Energy Minimization in n Wireless Sensor Networks using Cooperative Mac Protocol

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hear the retransmission. Hence, this work focuses on reducing the transmission errors, without benefiting from the energy savings of simultaneous transmissions. In [3], high high-rate nodes help low-rate notes by forwarding their transmissions. The work describes how the helper nodes are discovered. Similarly to [2], only one node can cooperate at a time, and simultaneous transmissions are not used, hence the energy savings are not considered. Likewise, in [4] only one node cooperates in forwarding the data. The IEEE 802.11 protocol was extended in [5] to support multiple antennas per node. The works in [6]–[10] [10] use the model with only one helper node at each hop in addition to the sender and the receiver. The model in [11] utilizes multiple nodes to forward the data, but only one node can transmit at any time. Several good tutorial papers on cooperative transmission have been published (e.g., [12] and [13]). A network is the energy efficient broadcast of source urce messages to the whole network. The energy consumption increases as the network size grows, and the optimization of efficiency becomes more important.

ENERGY MINIMIZATION A new Cooperative MAC Protocol that realizes minimum power transmission for each composed cooperative link, given the link BER constrained at a certain target level. The key contribution of the proposed scheme is to bring the performance gain of collaborative diversity from the physical layer up to the networking layer. Specifically, tthe proposed algorithm selects the best relays with minimum power consumption in distributed manner, and then forms cooperative links for establishing a route with appropriate error performance from a source to a destination node. From the simulation results, s, the total power consumption of proposed routing algorithm can reduce by a couple dB compared to the existing collaborative routing algorithms and plot the capacity of all protocols versus the load in the network. At a small load, the delay needed to recruit cruit the collaborative nodes affects the capacity of collaborative protocol. As the load increases, the interference increases, and the number of concurrent transmissions on the different paths diminishes. The one one-path scheme is not resilient to packet loss, ss, and the maximum carried load is affected by the packet loss rate.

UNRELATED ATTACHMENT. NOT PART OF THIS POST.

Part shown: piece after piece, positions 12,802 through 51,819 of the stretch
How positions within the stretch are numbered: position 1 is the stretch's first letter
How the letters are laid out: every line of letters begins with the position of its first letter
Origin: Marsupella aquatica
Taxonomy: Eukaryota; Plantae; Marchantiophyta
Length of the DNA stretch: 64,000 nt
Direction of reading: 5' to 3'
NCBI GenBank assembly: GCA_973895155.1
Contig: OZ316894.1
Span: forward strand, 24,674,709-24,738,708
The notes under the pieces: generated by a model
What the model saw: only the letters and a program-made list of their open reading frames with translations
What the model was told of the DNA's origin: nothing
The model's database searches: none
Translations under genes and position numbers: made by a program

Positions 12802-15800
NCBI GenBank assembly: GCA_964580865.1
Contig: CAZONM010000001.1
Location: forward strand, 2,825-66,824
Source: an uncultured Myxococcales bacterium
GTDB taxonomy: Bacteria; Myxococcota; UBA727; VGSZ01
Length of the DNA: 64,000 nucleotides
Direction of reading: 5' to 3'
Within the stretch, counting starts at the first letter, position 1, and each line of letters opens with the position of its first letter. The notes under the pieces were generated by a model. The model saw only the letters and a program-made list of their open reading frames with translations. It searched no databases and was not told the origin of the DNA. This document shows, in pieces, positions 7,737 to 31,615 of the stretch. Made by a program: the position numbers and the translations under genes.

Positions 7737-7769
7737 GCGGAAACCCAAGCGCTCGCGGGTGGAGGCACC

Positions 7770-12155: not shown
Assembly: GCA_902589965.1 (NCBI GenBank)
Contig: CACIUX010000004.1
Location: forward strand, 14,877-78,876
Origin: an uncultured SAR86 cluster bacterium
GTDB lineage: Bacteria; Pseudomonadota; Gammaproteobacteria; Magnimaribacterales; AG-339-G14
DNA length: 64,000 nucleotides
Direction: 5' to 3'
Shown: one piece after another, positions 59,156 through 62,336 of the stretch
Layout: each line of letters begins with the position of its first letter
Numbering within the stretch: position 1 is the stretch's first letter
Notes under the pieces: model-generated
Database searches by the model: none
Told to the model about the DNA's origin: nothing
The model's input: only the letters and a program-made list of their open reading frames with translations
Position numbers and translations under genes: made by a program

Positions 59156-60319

BLOCK DIAGRAM In the node parameter the nodes will be created. First, Nodes are positioned on a grid format .The nodes are placed in random manner. The nodes are randomly placed by using the Random manner algorithm. In, the model of cooperative transmission, every node on the path from the source node to the destination node becomes a cluster head To determine the capacity upper bound for one hop, divide the number of data bits in the da data packet transmitted in one hop by the minimum delay needed to complete this transmission. Transmit Side Power Constrained to consummate the power of data packet and then produce the output next block the data can be allocated in to several packets for th the easy transmission.

Fig. 2: Block Diagram of Energy Minimization Then the packet information are analyzed. Each packet has separate ID.The packets are transmitted by using the signal. If the transmitter traveling signal if any noises and unwan unwanted signals are added in Receiver Side Cluster, if any error